Forgive me for a moment whilst I talk about trains…

As a volunteer on a heritage railway, I’ve come to see railway operations from the point of view of the Fat Controller, rather than his passengers. And in particular, I’ve noticed some of the misconceptions the public have about the role of the train guard.

You see, when most people think of a train guard, they tend to think of him leaning out his compartment door, waving a green flag and blowing the whistle to set the train on its merry way.

However, that would be wrong.

First things first, on railways in Britain, blowing a whistle has absolutely no meaning at all and plays no part in the departure of a train. Instead, blowing a whistle is only used to provide an audible warning telling passengers to stay clear of the train before departure. Therefore, a guard is normally able to get by without a whistle – provided that they have a big, deep, booming voice, of course.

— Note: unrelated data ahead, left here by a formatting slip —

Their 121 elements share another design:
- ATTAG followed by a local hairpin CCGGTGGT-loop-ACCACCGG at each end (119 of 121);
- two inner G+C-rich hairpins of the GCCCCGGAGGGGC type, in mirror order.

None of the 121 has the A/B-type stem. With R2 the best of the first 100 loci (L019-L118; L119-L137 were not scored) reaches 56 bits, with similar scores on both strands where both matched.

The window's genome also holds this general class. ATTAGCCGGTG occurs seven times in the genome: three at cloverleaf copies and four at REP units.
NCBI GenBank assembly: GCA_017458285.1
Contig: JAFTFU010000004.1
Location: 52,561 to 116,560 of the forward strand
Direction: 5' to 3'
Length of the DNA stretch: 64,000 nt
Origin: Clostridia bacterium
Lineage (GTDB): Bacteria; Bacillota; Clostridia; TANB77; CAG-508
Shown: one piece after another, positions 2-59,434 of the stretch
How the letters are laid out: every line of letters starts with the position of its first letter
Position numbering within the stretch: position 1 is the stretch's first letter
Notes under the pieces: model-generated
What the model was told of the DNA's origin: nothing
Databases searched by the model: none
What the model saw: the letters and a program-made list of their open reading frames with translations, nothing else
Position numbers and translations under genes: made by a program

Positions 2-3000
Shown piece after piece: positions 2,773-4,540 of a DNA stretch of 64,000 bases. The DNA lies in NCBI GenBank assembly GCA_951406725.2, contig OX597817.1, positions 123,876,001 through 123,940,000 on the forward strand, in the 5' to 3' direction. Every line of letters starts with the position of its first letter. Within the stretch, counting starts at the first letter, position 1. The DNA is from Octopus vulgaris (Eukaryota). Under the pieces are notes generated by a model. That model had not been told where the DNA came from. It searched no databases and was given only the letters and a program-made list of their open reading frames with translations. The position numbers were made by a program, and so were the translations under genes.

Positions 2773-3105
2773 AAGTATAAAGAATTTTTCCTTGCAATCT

Then there’s the waving of the flag, and again this is generally not practised, or at least not where I work. Instead, a steady green flag is used to set the wheels in motion. Innocuous as it may seem, waving a flag can cause all sorts of confusion and if the train encounters any overzealous flag wavers along the line, then it may, in some cases, be interpreted as a signal to stop. So do be careful if you find yourself in possession of a red or green flag, because – trust me – you’ll go red faced if the whole train stops just for you…

So there you go: a different perspective on railways. Perhaps a good conversation starter at parties…